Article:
Adam Scott, Independent

The actor, writer and football fan Colin Welland missed the 1966 World Cup final because he was on stage in a matinee at the Royal Court. Welland would do well to get down to the Battersea Arts Centre, where the latest in that bold theatre's series of Christmas shows elevates the famous match to the level of the epic, in the mode of earlier BAC offerings Ben-Hur and Jason and the Argonauts.

A note in the programme confirms that Carl Heap and Tom Morris wrote the piece with non-supporters uppermost in mind. So, when the choreographer Darren Royston stages football sequences in slow motion, a vivid and often hilarious theatricality is achieved that would beguile even the most hardened football atheist.

But fundamentalist football fans get a funny and affectionate homage to the iconic freeze-frame footage from Goal!, the official film of the 1966 World Cup, with its patrician voice-over scripted by Brian Glanville and percussive jazz score.

This is total football and total theatre, which have come together in Scottish community theatre - although folk theatre would be better - for some years. Such shows as The Lions of Lisbon (about Celtic winning the European Cup, and starring Gary Lewis, later Billy Elliot's dad) at the Pavilion have brought many a punter from plastic seat to plush. Yet all the English stage has had is the execrable Elton-Lloyd Webber musical The Beautiful Game.

This great show remedies that. Physical theatre, mime and even medieval mystery play meet with astonishing theatrical ingenuity and often just rank daftness (Bobby Moore is described in a country pastiche as being "Barking-born/ With hair as yella as the Dagenham corn"). Others will imitate. But, like the 1966 World Cup winners for Beckham and co, this is the show they'll be judged against.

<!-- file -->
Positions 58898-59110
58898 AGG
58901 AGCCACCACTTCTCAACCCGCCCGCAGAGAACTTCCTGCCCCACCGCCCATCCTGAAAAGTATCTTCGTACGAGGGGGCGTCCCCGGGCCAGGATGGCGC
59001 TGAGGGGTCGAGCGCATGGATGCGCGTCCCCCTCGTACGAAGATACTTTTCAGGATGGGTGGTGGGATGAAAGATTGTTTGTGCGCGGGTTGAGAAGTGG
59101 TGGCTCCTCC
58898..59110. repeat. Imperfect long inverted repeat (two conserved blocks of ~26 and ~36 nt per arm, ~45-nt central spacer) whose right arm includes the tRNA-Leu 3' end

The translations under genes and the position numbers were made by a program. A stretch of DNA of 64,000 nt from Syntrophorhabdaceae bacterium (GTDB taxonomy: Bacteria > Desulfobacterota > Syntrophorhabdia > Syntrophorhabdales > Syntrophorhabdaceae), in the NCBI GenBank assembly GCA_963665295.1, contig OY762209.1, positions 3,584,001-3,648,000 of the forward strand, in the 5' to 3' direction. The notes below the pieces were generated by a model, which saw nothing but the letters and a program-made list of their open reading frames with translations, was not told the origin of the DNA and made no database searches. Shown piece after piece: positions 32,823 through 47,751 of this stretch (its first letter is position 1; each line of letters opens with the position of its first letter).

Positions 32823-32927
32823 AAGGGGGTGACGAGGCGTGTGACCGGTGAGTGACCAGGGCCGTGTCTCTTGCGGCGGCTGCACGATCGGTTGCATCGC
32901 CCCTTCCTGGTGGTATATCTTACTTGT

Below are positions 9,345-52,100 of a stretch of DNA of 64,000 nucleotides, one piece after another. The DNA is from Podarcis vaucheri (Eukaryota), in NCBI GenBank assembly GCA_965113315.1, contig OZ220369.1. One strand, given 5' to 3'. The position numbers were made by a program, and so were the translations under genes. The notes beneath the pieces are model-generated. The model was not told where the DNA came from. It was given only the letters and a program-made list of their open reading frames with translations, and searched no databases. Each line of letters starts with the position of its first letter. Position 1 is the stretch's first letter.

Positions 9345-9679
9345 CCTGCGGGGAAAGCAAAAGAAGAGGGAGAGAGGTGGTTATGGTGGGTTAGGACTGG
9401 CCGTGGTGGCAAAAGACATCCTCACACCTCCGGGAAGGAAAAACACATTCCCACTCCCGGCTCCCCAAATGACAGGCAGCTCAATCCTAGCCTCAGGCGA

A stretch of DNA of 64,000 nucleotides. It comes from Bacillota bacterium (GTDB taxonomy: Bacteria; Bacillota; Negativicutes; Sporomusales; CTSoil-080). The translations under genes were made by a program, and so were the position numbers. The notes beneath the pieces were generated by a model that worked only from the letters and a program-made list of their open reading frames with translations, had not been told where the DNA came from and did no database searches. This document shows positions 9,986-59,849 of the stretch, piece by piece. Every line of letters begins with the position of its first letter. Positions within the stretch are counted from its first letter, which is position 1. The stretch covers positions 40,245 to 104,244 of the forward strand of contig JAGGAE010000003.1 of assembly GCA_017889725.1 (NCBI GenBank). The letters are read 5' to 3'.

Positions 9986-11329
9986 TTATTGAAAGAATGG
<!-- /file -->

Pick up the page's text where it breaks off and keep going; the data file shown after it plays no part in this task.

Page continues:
The ensemble playing is superb. Niall Ashdown invests Nobby Stiles with shades of Vic Reeves. Edward Woodall could transfer his Jack Charlton to a production of Cymbeline and be the funniest Cloten ever.

Jason Barnett's Alf Ramsey, a Dagenham Churchill with cut-glass vowels, rounds up his side one by one, like Yul Brynner in The Magnificent Seven. And, speak of the devil, there's Yul himself (Derek Elroy), one of a myriad of cameos; each of the 12-strong cast a Russian doll (and one of them a Russian linesman) with a seemingly never-ending parade of characters inside them.

Shoot me, but, as a Scot, I reserve the right to maintain that Geoff Hurst's second goal has yet to cross the line. But when the cast of this joyful show, in the best panto tradition, turned to the audience for adjudication on that very matter, I shouted, "Oh yes it did," with the best of them. Even Denis Law, the legendary Scottish footballer, would love this show. And he famously elected to play golf on the day rather than watch the match, in case England won.

Benedict Nightingale, The Times

Last Christmas the Battersea Arts Centre staged a marvellously inventive piece about Jason and his Argonauts, and the Christmas before a fine rough-theatre version of Ben Hur. Such was those plays' success that BAC is now tackling a subject some of us would regard as twice as heroic and three times more improbable: England's victory in the World Cup 38 years ago.